You’ve seen how you can make an opaque vertical surface just by changing the thickness property of an object. To make a horizontal surface appear opaque, you must draw it with a wide polyline, a solid hatch, or a 3D Face. For example, consider a table: You might represent the tabletop with a rectangle and give it the appropriate thickness, but the top appears to be transparent when the lines are hidden. Only the sides of the tabletop become opaque. To make the entire tabletop opaque if the tabletop is an irregular shape, you can use a solid hatch or an object called a region. Chapter 18 discusses regions. When the lines are hidden, the tabletop appears to be opaque (see Figure 15.17).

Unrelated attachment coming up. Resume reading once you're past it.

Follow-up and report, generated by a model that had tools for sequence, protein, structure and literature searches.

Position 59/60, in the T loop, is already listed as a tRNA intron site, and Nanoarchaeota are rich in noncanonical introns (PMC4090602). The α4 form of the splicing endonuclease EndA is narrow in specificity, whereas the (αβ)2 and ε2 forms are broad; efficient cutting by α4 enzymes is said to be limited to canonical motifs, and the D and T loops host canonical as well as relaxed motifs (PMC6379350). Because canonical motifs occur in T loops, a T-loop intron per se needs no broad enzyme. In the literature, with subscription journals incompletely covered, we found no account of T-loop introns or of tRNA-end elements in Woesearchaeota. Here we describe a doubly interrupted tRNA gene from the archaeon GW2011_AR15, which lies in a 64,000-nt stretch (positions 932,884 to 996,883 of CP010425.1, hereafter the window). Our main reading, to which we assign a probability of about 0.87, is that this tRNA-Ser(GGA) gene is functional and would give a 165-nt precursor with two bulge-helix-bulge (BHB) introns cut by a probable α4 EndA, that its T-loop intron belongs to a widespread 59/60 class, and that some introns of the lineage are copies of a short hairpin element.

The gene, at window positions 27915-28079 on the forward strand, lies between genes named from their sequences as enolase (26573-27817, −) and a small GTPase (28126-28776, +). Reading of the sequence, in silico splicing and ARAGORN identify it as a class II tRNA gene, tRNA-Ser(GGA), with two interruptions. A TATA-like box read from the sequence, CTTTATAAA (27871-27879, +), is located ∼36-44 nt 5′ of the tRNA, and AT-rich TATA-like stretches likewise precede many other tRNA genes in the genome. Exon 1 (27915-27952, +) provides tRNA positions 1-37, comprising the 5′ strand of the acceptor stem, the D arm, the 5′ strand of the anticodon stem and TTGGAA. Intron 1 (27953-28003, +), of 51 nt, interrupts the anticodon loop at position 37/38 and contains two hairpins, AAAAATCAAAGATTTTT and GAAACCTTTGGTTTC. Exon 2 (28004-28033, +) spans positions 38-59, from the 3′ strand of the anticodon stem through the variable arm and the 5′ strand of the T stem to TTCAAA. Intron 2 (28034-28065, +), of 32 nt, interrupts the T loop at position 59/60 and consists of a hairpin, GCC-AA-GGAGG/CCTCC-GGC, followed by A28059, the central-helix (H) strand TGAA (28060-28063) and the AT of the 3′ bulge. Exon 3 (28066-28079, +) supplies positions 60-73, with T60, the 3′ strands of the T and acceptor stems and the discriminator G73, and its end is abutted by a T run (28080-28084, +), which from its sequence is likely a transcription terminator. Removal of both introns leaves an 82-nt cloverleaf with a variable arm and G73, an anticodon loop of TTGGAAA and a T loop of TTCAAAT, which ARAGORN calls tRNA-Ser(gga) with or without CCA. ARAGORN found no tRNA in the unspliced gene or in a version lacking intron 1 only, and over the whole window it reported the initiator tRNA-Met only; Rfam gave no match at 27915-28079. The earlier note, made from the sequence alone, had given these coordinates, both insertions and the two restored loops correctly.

When a circle is used as an extruded form, the top surface appears opaque when you use the Hide command. Where you want to show an opening at the top of a circular volume, as in a circular chimney, you can use two 180° arcs (see Figure 15.18).
For complex horizontal surfaces, you can use a combination of wide polylines, solids, and 3D Faces to create them. For example, a sidewalk on a street corner would use a donut for the rounder corner, and solids or 3D Faces at either side for the straight portion of the sidewalk. It’s okay to overlap surfaces to achieve the effect you want. Polylines are useful for creating window mullions or other shapes that might be formed by a straight extrusion in the real world. (You’ll learn how to create? curved extruded shape in Chapter 18).